B. We embarked upon clearer policy development, and required local communities to develop their own comprehensive set of local policies, which we reviewed.
C. We implemented local targeting requirements.
D. We had a robust set of rehabilitation standards.
E. The application process was thorough, but time consuming.
In my opinion, creating this local capacity is very important. I have seen other places in the country where they truly struggle for the lack of it. I have also seen a correlation between the efforts of states and entitlements to work with subrecipients and build capacity and the amount of local capacity that exists.
So in Ohio, we desired to retain that capacity, but also recognized that our funding wasn’t going as far as it used to, and that these diminishing resources required a streamlined approach. Therefore, we embarked on an effort to make things simpler, and to cut down on the amount of time required both by our grantees and our staff. We did this by simplification in two primary areas:
We greatly simplified the local planning requirements. We still provided data and required the local housing organizations to coordinate, but eliminated the complicated forms and process, and our review. This saved both the local communities and our staff many hours.
We also somewhat streamlined the application process. In this case, we depended more on technology. We standardized many of the forms and made the submission electronic. This also saved time.
These changes were implemented just in time for the Neighborhood Stabilization Programs (NSP) to come along. Probably like you, our staff were now required to stretch existing resources to cover these new and significantly challenging programs. We did so without adding any additional staff. We would never have been able to accomplish this if we hadn’t done the streamlining to the other programs.
Remember that at the State level, a small change can have a great effect. I liken changes at the State to the turning of the Titanic. Creating change is difficult and slow, but the result can make a big impact. As resources have continued to diminish, the State has had to make additional streamlining efforts, including regionalization and a reduction in eligible activities.
Combining or consolidation of programs
The combining or consolidation of programs has on the surface some obvious potential for increasing efficiency. However, it is also often a difficult sale, as staff are frequently assigned to specific programs and take such a change quite personally.
It is also probably worth mentioning here that a cookie cutter approach will not work in designing our community development and affordable housing programs. Every State and community has its own special set of circumstances that determines what will work. It is equally important to recognize that what made sense in the past may not make sense today, and that what makes sense today may not work in the future, as these factors are constantly in flux.
I am often reluctant to discuss communities in which I have done consulting work, but the examples that I want to share with you today are all positive stories of good work done on the part of states and local governments. I have been doing considerable work in the City of Detroit over the past couple of years, and they have struggled with a huge number of vacant, abandoned, and blighted buildings. There was a ton of demolition work being performed, with funding from a variety of sources. This work was being done by several different public and private entities with little coordination. The resulting confusion led to such messy situations as one entity tearing down a house that someone else was planning to rehabilitate. In this case, combining all demolition programs under one centralized umbrella managed by one City Department, as Detroit has now done, made a lot of sense.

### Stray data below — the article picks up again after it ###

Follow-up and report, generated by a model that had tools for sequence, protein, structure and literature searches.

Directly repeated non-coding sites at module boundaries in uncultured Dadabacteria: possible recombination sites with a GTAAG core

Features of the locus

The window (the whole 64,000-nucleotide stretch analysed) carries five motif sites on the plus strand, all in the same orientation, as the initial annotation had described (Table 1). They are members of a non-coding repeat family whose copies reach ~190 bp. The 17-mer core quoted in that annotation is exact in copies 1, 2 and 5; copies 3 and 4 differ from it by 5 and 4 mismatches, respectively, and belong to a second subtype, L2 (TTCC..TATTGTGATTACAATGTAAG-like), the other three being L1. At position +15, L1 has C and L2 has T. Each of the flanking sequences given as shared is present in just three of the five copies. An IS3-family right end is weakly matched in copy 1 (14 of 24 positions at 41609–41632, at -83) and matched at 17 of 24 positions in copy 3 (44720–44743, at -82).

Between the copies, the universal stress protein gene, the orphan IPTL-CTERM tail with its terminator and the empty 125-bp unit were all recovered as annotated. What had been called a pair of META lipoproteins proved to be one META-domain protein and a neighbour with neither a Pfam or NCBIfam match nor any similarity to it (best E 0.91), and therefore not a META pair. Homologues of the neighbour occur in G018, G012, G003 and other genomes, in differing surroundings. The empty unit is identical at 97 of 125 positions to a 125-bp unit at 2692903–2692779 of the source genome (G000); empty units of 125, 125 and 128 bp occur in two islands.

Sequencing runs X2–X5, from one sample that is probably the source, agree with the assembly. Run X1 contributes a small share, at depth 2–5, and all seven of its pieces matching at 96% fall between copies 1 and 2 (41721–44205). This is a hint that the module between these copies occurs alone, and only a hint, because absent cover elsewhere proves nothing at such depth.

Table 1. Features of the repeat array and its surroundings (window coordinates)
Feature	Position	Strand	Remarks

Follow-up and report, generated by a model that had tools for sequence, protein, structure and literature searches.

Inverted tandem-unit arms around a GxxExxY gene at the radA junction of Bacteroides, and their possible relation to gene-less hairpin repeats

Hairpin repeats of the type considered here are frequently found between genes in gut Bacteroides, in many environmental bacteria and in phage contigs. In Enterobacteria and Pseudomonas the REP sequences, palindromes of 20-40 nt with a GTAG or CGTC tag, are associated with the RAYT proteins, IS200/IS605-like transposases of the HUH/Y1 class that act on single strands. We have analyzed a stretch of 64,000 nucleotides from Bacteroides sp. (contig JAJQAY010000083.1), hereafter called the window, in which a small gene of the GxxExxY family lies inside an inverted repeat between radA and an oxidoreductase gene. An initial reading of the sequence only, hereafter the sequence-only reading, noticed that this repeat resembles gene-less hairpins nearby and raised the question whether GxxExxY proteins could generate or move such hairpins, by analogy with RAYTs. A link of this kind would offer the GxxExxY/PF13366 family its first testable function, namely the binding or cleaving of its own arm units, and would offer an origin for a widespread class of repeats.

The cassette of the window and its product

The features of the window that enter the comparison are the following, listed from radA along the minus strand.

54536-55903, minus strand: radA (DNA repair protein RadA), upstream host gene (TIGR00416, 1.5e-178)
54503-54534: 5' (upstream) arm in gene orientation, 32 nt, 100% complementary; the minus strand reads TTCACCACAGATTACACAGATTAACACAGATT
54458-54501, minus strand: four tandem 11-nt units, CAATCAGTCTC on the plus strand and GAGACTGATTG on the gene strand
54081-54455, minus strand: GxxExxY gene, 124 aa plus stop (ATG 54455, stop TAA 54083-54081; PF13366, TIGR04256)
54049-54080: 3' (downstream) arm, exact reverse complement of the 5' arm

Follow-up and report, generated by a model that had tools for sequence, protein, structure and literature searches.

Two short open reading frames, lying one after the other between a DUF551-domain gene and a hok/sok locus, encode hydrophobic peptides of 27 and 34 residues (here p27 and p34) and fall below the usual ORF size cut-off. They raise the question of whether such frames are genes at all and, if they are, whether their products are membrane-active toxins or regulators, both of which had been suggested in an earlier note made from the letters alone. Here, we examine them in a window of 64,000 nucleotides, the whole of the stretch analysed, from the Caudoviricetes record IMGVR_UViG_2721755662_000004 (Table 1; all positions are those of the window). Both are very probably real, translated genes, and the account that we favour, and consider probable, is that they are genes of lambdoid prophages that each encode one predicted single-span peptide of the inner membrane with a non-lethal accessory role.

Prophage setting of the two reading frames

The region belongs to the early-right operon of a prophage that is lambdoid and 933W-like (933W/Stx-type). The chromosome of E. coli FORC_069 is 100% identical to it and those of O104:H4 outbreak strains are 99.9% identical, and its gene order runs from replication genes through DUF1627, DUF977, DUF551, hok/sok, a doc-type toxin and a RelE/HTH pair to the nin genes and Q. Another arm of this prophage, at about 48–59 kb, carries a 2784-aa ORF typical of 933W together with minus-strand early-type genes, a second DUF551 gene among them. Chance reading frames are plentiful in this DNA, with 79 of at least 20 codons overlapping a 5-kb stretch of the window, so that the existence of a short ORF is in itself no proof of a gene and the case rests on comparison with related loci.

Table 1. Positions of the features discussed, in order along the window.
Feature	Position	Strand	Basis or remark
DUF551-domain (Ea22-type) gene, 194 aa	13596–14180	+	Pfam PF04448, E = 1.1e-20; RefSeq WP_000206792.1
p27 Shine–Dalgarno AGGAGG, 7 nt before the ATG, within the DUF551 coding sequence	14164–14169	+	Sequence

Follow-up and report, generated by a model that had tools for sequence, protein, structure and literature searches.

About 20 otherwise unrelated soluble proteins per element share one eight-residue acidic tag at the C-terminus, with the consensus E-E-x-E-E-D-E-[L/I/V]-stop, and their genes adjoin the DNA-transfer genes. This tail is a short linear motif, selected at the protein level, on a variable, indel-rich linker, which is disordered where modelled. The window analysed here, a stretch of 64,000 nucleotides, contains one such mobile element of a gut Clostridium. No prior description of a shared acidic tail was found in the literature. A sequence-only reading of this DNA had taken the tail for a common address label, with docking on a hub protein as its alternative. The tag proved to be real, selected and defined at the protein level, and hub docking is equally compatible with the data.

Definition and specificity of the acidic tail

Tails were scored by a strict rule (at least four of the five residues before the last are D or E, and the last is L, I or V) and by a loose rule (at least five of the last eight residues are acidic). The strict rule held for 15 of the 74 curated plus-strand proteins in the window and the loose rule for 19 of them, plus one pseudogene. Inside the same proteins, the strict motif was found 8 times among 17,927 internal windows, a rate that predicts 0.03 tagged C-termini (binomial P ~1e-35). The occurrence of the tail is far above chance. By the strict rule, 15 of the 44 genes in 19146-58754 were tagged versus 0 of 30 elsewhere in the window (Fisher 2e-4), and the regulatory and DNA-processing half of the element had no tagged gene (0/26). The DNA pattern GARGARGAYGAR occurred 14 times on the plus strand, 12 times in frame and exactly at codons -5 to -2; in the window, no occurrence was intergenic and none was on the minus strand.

Elimination of programs or program elements
Eliminating programs or program elements is even more difficult than combining programs, as you will not only deal with the personnel issues as employees potentially face job loss, but you may leave organizations and recipients without necessary support. The extent of the ramifications, of course, may depend on the availability of other resources to help fill the gap. For example, if you choose to stop doing housing with Community Development Block Grant (CDBG) funds, then (if it exists) HOME Investment Partnership Program (HOME) will still likely be used to fund some housing activities, but individuals that are dependent on home repair may have no funding options, since that is not an eligible activity under HOME. This can create a real hardship on that elderly household with no heat.
If it comes to making this difficult type of choice, how do you choose between competing needs or priorities? I don’t think that there is any good answer to this, but we should arm ourselves with the reality that we have never, and will never, be able to meet every need. We should also recognize that splitting the money into a lot of grossly underfunded categories does little good for anyone. When we couple these realities with good data and planning, it will help us to make those hard choices.
Regionalization or reduction of program participants